Trius Therapeutics (TSRX) will soon be reporting data from its second phase III trial (ESTABLILSH-2) and the recently announced publication of the data from its first phase III trial (ESTABLISH-1) in the Journal of the American Medical Association (JAMA) that provides incremental evidence that should further derisk the upcoming results. While this might not seem like an important milestone (as we already know the data), it is actually a nice incremental positive that should not be ignored. Data published in peer-reviewed formats go through a rigorous process that ensures the quality of the article. For instance, JAMA only publishes 9% of the articles that it receives and is one of the highest ranked journals in the field of medicine (ranked 2nd according to journal-rankings.com and 2nd as well if using the ISI impact factor). In general, then, the publication represents, at the very least, additional confirmation as to the quality and robustness of the results from ESTABLISH-1 but also provides some additional details about the trial results.
Perhaps the most important additional information is the robustness effect of tedizolid across varying ways of analyzing the data. As we already know, the trial showed that tedizolid is non-inferior to linezolid with 79.5% of tedizolid patients responding to therapy versus 79.4% of linezolid treated patients. Given these similar rates of success, however, are the reasons for treatment failure the same? Generally, there are some interesting differences. For instance, of the 68 non-responders to tedizolid 41 (60% of tedizolid non-responders) were because of missing data and only 27 (40% of tedizolid non-responders) are confirmed failures. In contrast, of the 69 linezolid non-responders 34 (50% of linezolid non-responders) were due to missing data and 35 (50% of linezolid non-responders) were due to clear failure. While this is not statistically significant given the sample size, it is interesting that only 8.1% of tedizolid patients were clear failures to treatment versus 10.4% for linezolid.
The article also has a series of additional tests to examine how tedizolid and linezolid stack up under differing end points. Of the 5 endpoints they examined tedizolid was better in 3 and linezolid better in 2. Of course, that is not necessarily meaningful because in all of the endpoints there was never a statistically significant difference. In addition, the authors found that early clinical response was highly correlated with end of treatment response for both drugs. In particular, only 2.4% (7 patients) of the tedizolid early clinical responders became failures at the follow up and this is statistically indistinguishable from linezolid where only 2% (6 patients) of early clinical responders became failures. Overall, the article just confirms what we already knew and that is tedizolid is as effective in treating acute bacterial skin and skin structure infections (ABSSI) as linezolid and this is true across different measures and ways of defining success.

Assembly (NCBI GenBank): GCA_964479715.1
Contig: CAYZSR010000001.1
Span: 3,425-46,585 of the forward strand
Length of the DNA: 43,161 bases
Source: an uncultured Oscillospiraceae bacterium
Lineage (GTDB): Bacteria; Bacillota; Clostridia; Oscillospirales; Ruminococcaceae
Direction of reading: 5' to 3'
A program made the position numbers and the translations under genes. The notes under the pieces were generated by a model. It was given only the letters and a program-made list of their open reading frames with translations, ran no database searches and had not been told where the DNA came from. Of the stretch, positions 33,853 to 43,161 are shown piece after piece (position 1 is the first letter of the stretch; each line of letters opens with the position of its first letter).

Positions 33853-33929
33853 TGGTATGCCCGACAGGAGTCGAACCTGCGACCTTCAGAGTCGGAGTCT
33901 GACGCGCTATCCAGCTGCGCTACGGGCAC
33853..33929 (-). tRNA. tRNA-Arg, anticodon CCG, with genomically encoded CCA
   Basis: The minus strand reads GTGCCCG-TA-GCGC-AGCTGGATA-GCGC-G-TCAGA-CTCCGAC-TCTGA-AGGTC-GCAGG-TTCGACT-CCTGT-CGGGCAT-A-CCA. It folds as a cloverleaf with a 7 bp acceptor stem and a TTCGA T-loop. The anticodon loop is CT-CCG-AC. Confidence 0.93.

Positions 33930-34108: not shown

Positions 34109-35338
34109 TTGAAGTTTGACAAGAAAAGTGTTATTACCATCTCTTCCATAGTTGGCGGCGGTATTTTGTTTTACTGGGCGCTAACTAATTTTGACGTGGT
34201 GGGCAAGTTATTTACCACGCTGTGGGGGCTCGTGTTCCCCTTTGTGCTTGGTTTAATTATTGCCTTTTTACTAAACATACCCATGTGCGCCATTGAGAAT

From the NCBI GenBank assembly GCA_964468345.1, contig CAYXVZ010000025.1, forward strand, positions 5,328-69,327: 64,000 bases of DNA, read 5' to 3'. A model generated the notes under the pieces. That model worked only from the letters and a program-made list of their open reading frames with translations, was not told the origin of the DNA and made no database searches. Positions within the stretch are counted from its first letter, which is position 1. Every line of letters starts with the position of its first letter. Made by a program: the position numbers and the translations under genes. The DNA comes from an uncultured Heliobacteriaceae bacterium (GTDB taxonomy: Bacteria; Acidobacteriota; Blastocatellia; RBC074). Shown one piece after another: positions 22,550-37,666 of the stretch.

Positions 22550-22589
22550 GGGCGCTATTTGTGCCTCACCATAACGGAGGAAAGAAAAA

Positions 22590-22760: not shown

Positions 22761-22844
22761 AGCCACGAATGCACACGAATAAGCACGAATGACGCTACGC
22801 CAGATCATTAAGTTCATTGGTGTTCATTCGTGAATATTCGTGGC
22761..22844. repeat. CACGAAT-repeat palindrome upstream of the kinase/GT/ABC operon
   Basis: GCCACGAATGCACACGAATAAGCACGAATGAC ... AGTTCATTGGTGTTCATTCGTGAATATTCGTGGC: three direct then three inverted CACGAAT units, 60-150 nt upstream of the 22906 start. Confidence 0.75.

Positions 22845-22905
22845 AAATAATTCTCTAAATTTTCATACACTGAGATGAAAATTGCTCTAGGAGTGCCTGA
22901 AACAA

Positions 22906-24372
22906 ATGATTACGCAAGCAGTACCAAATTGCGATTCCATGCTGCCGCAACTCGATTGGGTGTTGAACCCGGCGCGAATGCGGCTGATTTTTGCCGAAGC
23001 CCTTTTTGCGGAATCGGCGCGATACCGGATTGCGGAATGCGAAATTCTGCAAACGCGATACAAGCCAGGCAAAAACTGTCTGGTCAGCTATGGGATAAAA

The article also went into more details as to the safety profiles of the two drugs. In general, there were no major differences in adverse events that would indicate tedizolid is less tolerable than linezolid. In fact, the only large difference was in terms of gastrointestinal disorder, where 16.3% of the tedizolid group had an AE versus 25.4% of the linezolid group. Give the shorter course of treatment this is not necessarily a surprising outcome. Perhaps the only AE advantage for linezolid was in terms of abnormal treatment-emergent alanine aminotransferase elevations, where this occurred in 4.1% of the tedizolid group but only 3.5% of the linezolid group. This difference is not statistically significant and none of these patients discontinued because of it. In fact, Prokocimer et al (2013:565) noted that "no apparent pattern suggesting liver dysfunction or toxicity emerged." In general, however, the side effect profiles are similar and likely favor tedizolid as being the more tolerable of the two drugs.
JAMA also published an editorial on the trial in the issue (Doran and Boucher 2013), which came to similar conclusions. Doran and Boucher (2013: 608) concluded that tedizolid "is a new oral antibiotic that appears efficacious using a short course and may have a better safety profile than linezolid." What is interesting is that they focused less on the gastrointestinal issues and more on a benefit in terms of platelet counts, where in the tedizolid group only 2.3% saw substantially low platelet counts versus 4.9% in the linezolid group. They point out that more data are necessarily to establish whether this difference is clinically significant but argue it is important to further examine as low platelet counts are a treatment limiting side effect for linezolid.
So what do these articles mean for Trius? I think the quality of the data and the results are another piece of evidence that the upcoming phase III trial results have little clinical risk. The articles also highlight what is going to be the differentiating factor for tedizolid, which is safety and, to a lesser extent, ease of use. Trius is trading at a market capitalization of just over $200M and has a lead compound with an efficacy on par with linezolid and a safety profile that appears cleaner (although the data are still early in this regard). Linezolid (marketed by PFE) sold $1.2B in 2011 and likely over $1.3B in 2012. While it is unlikely that tedizolid will reach those sales heights, it is a significant market opportunity and one that the current value of Trius seems to be discounting too heavily.